Environmental Education

by | Apr 21, 2010 | Environment

Share this post:

St Georges Grammer and Rhodes high school walk, 16 April 2010

Friday 16 April 2010 saw about 40 grade 11 learners from St Georges Grammer and Rhodes high schools enjoying an educational walk along the upper reaches of the Liesbeek below Kirstenbosch.

These neighbouring schools are situated in Mowbrey, along degraded and canalized sections of the Liesbeek. These schools are always willing to do activities along the Liesbeek and have been involved with planting and litter clean ups in the past in the area of Mowbrey. This year it was decided to take the learners to see the more pristine sections of the Liesbeek to show them how the natural river system slowly becomes degraded, from the catchment above Kistenbosch to the M3 crossing at Paradise and eventually the canalized sections that they are so familiar with and refer to as the Liesbeek.

The walk covered many aspects focusing mainly on areas covered in the curriculum. These aspects included basic river ecology, indigenous and endemic vegetation, alien invasive plant species, urbanization and history along the Liesbeek.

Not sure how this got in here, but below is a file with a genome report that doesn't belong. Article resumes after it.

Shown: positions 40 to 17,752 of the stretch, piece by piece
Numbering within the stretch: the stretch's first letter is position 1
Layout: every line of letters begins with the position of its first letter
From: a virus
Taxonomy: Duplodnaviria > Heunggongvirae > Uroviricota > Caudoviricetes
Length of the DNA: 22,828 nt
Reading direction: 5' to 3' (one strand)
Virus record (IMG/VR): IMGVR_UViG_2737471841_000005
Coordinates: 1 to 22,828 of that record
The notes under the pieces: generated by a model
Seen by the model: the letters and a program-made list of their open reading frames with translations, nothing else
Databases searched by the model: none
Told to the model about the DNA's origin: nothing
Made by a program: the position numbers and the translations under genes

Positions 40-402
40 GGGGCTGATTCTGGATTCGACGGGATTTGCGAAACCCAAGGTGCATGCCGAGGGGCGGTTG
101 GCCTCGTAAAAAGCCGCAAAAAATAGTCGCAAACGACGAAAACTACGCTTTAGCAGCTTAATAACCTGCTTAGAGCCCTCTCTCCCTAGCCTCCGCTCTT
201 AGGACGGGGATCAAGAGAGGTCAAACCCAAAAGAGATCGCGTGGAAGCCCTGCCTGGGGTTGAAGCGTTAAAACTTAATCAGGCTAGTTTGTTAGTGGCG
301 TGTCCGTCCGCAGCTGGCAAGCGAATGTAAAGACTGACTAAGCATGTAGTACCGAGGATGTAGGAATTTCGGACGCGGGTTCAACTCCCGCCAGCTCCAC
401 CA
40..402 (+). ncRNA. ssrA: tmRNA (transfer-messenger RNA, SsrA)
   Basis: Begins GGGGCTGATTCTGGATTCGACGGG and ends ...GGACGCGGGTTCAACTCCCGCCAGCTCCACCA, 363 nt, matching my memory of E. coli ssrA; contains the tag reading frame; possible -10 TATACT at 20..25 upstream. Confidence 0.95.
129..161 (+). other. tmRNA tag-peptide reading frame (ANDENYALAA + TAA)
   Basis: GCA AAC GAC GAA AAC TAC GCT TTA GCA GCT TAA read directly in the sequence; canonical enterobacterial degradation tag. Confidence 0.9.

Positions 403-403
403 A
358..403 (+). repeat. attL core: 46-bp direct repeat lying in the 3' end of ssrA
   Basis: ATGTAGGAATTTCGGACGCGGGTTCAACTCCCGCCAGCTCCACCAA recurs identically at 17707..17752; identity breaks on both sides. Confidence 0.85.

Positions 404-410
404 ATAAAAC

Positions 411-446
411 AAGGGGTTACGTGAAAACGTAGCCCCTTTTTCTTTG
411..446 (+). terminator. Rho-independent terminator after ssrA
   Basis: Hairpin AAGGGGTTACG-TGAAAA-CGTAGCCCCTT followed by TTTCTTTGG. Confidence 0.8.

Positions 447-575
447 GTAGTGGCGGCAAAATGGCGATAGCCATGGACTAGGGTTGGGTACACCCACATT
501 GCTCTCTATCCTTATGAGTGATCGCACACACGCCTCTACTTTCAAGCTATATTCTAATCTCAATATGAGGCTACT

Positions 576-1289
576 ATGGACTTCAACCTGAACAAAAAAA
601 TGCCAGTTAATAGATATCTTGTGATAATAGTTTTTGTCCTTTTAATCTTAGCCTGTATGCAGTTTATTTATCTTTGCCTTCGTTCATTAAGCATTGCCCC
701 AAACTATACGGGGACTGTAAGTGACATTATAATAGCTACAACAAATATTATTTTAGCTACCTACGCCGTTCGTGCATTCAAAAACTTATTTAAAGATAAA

The learners were split into two groups, mixing students from each school. The walk began just below Rhodes drive, where the two source streams, Window and Protea, join to form the start of the Liesbeek.

The day was thoroughly enjoyed by all. Thanks to Feroza Salie and Katima from St Goerges Grammer and Rhodes respectively, Denise Borsuk (an international student), Shaun du Plessis (conservation student) and Jeff Blair(voluteer environmentalist at UCT) For their help during the walk and the valuable information they had to add.

We look forward to working with the schools in the near future, with the learners hopefully inspired to rehabilitate and preserve the Liesbeek in their area so that this river may serve as an educational tool, natural sytem and aesthetically pleasing component of an otherwise concrete jungle for many generations to come.

Other Articles